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Shore-parallel sand shoals are common depositional features on the continental shelves of North America and are a significant component of the stratigraphic record generated by the Holocene transgression. Erosional shoreface retreat and in-place drowning of barrier shorelines have been incorporated in models to explain the deposition and evolution of these features. Sand shoals within the retreat path of the Holocene Mississippi River deltas were investigated using high-resolution seismic profiles and vibracores to determine their stratigraphic development and to test the models proposed for inner-shelf shoal formation.

Ship Shoal is a shore-parallel sand body 50 km long having a relief of 3-6 m. Historic records suggest that it is migrating landward 10-15 m/yr and is presently located 25 km from the shoreline in water depths of 7-15 m. The Ship Shoal sedimentary sequence is 4-6 m thick and coarsens upward through the shoal-base, shoal-front, and shoal-crest facies. The shoal lies disconformably over deposits of the Maringouin delta, which was transgressed approximately 4000 years BP. A laterally continuous unit of lagoonal muds at the base of the shoal sequence attests to the former existence of barrier shoreline environments. No in-situ barrier shoreline deposits were found within the shoal sand body.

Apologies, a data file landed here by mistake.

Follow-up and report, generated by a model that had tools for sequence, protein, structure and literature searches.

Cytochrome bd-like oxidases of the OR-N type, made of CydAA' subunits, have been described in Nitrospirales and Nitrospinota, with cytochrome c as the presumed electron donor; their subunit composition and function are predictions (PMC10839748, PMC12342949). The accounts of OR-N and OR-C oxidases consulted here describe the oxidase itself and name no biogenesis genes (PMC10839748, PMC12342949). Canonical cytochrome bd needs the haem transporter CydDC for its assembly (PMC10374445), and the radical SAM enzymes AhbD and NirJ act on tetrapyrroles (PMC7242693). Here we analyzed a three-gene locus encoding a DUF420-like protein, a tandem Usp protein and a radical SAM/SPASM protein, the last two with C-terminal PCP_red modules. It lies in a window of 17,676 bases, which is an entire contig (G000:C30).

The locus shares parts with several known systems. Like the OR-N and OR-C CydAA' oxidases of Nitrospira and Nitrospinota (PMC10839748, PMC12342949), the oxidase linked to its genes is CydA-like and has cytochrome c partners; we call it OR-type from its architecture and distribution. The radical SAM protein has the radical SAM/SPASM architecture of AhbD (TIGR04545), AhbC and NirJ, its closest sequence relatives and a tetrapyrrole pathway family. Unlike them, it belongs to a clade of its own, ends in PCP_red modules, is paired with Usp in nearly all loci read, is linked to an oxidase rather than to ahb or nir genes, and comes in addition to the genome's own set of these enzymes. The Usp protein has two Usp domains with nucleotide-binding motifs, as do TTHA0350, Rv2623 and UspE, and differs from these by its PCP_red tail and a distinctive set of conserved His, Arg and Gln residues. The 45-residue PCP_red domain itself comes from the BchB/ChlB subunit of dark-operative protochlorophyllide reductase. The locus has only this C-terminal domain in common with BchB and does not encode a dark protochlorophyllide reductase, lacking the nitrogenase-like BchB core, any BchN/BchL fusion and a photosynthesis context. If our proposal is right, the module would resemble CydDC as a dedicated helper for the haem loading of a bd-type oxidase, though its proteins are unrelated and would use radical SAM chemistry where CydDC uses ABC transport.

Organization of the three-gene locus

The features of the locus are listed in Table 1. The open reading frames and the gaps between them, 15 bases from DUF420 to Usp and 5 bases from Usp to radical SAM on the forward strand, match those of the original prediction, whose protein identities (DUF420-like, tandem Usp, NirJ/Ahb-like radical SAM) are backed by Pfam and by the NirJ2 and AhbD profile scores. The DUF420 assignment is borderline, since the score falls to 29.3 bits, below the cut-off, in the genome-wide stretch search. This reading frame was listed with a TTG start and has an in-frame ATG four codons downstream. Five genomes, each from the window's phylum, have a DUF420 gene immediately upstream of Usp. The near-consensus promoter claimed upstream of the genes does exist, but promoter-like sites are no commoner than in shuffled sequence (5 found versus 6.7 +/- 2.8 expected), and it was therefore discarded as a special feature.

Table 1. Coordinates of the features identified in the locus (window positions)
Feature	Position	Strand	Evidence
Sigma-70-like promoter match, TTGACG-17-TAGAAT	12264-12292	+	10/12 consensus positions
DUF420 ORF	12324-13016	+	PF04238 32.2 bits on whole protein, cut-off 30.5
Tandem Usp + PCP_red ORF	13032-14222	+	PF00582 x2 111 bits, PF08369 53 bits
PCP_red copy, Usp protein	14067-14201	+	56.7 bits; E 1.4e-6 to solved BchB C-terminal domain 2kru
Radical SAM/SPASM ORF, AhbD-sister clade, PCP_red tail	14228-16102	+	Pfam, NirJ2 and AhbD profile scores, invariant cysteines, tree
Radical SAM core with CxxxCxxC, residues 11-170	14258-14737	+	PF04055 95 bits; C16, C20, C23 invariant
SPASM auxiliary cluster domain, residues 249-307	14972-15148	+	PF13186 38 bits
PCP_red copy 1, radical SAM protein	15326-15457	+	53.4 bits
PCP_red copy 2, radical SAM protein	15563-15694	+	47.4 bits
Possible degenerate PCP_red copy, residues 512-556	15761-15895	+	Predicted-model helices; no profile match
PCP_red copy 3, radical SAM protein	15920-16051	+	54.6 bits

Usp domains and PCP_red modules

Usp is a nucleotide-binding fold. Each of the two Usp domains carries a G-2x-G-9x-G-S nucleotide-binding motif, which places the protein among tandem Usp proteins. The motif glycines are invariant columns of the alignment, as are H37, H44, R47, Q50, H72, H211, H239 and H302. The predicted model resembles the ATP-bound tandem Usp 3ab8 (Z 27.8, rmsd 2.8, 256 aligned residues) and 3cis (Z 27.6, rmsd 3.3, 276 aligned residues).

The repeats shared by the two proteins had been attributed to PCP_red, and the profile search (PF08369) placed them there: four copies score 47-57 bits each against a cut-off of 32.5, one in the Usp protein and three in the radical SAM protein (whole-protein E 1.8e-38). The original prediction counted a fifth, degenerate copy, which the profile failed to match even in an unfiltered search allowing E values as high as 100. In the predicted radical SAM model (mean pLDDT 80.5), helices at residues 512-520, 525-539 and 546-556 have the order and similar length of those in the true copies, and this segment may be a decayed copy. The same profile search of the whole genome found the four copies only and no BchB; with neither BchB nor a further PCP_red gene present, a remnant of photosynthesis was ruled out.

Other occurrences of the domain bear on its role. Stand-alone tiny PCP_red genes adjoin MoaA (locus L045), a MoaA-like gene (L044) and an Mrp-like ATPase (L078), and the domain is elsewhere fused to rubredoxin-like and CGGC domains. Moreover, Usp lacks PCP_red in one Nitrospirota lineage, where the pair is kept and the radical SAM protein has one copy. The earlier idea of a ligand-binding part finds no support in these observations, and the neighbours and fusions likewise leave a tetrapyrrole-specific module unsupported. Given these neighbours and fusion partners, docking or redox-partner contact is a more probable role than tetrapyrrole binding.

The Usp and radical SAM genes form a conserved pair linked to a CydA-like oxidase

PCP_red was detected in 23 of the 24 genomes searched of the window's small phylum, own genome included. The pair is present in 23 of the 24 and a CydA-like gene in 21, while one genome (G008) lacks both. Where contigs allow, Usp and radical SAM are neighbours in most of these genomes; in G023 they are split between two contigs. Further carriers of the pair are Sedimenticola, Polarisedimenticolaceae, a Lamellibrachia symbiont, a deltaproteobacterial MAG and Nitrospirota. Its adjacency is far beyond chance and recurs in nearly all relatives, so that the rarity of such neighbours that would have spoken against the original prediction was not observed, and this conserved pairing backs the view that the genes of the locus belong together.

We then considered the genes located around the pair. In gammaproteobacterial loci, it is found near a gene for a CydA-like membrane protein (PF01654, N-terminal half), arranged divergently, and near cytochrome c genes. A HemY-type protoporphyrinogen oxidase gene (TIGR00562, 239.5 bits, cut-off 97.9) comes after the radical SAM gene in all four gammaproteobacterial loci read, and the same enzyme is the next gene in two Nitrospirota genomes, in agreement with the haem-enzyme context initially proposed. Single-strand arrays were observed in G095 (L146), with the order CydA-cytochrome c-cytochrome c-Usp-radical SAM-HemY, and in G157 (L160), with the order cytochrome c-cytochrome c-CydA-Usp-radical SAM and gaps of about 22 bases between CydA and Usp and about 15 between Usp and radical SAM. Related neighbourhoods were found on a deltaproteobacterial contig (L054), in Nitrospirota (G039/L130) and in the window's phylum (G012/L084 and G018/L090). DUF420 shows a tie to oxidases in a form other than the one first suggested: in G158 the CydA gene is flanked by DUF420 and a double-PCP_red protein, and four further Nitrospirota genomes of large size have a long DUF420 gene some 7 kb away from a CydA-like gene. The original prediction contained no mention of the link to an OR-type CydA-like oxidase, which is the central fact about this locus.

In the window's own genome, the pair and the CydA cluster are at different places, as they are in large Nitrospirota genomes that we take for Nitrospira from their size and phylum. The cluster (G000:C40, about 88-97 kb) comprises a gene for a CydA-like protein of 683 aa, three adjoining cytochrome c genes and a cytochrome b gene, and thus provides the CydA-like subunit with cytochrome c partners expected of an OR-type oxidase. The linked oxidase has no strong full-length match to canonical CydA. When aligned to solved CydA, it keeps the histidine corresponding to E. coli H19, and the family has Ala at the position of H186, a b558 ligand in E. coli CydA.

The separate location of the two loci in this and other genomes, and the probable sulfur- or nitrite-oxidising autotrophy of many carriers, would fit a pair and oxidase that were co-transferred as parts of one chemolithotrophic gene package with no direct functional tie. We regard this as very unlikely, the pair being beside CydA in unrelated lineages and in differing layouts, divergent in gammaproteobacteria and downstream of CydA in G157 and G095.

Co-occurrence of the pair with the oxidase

Data indicate that Ship Shoal is a marine sand body sourced from the erosion of a former barrier shoreline through a process termed transgressive submergence, which integrates the mechanisms of shoreface erosion and relative sea level rise within the process of coastal submergence. The models of erosional shoreface retreat and in-place drowning do not adequately explain the morphology or stratigraphy of Mississippi Delta inner-shelf shoals. Ship Shoal can be used as a model to explain the occurrence of shelf sandstones observed tens of kilometers from the penecontemporaneous shoreline in interior seaways and foreland basins.

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